and taxes and profits accounted for record maintenance, case management, has but one agenda, cast shame of one tenth of the total increase. This AND a mountain of compliance with the insurance industry and push our report shows the average profit to be GOVERNMENT regulations and country toward national healthcare. 3%. Fortune Magazine reported last taxes. Setting a minimum loss ratio has It is about controlling almost 20% of year that insurance company profits nothing to do with cutting down on our GDP. The sad part is that those averaged 6.2% of revenue, far below utilization of services, poor life styles, pushing this current agenda are so other industries. There are A 2008 report by price, numerous items Waterhouse, Coopers, commissioned by America’s Health that have to be plans, found that 87% of all premium dollars collected are paid out of that 13% including, being spent on care.The other 13% is not pure profit. in most states, setting aside a required 25% of paid eating choices, smoking, obesity, misuse convinced that the American public claims as a reserve, in case the client of imaging for profit, preventive tests to won’t question their motives that they leaves and the company has to pay the protect the physician (which they do can get by with it, and get re-elected. I run-out of claims incurred before the make money on), and a warehouse full really, really hope they are very wrong. group left. It includes the administrative of other cost producing items. If not, then they can continue doing it cost of disease management programs, into the wind while the country does it The purpose of this section of the staffing, processing, electronic medical up a rope. n now over 3,000 plus pages of the bill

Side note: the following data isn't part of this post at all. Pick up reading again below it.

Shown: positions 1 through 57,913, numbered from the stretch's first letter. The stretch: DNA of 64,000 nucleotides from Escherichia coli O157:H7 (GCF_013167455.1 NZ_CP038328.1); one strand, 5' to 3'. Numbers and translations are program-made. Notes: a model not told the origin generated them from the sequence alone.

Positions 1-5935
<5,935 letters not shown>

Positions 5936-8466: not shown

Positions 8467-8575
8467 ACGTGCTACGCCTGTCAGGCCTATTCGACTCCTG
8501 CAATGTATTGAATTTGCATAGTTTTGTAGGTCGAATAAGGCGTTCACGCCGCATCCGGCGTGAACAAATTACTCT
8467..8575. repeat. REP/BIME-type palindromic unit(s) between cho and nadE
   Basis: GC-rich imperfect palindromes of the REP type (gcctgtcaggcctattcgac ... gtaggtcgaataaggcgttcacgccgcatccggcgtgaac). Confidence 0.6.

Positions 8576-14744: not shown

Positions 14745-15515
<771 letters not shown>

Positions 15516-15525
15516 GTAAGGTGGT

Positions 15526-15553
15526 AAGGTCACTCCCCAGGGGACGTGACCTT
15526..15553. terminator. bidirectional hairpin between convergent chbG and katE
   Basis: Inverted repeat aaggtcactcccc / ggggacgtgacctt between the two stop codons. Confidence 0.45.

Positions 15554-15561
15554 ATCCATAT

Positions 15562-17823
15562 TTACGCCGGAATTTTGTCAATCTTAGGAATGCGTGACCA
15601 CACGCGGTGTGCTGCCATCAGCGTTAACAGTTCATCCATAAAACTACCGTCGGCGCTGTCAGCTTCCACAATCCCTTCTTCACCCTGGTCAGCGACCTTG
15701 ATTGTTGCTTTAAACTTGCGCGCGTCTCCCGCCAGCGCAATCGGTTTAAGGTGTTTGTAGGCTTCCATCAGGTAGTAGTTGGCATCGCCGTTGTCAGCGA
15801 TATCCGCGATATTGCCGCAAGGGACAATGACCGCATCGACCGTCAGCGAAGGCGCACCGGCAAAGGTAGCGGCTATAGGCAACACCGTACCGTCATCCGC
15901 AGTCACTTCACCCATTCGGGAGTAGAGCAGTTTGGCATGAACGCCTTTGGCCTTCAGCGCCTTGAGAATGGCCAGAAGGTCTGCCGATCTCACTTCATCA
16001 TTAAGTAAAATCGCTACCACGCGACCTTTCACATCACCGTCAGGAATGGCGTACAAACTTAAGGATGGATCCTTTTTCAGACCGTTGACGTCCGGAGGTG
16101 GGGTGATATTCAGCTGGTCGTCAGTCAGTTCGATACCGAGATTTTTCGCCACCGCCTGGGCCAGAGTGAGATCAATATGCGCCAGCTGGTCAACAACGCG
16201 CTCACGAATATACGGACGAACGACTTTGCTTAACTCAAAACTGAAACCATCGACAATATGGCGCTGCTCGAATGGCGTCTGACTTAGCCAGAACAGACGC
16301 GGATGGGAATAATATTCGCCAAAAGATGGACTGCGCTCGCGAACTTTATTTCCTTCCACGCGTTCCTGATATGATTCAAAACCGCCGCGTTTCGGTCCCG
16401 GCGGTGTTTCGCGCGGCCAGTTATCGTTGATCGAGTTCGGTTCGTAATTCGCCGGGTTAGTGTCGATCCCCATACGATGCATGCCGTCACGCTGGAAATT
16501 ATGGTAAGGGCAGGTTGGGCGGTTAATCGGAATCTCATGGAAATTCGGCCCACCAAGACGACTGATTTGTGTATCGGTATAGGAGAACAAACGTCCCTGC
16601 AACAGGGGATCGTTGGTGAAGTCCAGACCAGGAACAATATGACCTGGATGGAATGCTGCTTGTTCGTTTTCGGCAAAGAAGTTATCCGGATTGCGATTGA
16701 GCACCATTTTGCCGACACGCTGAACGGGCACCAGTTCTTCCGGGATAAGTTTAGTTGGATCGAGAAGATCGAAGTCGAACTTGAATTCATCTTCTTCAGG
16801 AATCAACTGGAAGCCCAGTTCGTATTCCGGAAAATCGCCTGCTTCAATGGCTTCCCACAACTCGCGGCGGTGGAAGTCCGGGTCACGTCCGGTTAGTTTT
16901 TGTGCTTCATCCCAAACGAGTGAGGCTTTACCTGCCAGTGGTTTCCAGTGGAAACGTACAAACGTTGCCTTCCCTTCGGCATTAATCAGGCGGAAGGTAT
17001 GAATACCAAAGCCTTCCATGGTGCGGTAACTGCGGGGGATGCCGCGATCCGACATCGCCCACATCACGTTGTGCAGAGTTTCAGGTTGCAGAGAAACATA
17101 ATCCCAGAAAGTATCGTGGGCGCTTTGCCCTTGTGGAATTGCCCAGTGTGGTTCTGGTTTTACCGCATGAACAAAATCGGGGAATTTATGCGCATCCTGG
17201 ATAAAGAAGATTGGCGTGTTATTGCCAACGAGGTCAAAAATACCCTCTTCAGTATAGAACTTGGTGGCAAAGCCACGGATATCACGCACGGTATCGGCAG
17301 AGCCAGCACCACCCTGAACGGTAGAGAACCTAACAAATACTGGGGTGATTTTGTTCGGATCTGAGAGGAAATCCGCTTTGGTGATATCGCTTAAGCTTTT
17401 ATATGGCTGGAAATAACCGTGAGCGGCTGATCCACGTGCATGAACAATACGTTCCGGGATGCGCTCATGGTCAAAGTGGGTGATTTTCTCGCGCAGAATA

Here are the facts.

the Self-Insurer

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September 2010

5


INSURANCE MEDIA COVER

SIIA’s RRG Initiatives

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September 2010


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ne of SIIA’s top government relations priorities for 2010 has been to improve life for risk retention groups – selfinsured groups of like businesses or professionals organized under the federal Liability Risk Retention Act (LRRA) to insure against liability claims.

RRGs,” by Caroline McDonald included these points:

SIIA’s efforts to support RRGs resulted in the successful introduction in the House last March of “The Risk Retention Modernization Act” (HR 4802) that would allow RRGs to write commercial property coverage in addition to liability insurance, and also would establish federal enforcement of the LRRA’s preemption of non-domiciliary state interference with the operation of RRGs.

Mr. Doherty said the RRGs are fine with complying with “reasonable regulations.” The problem, however, is “prohibition against doing what they were authorized to do by their domiciliary state.” He said the study should serve as the basis for a federal dispute resolution process to prevent further unlawful abuses by states of these self-insured groups.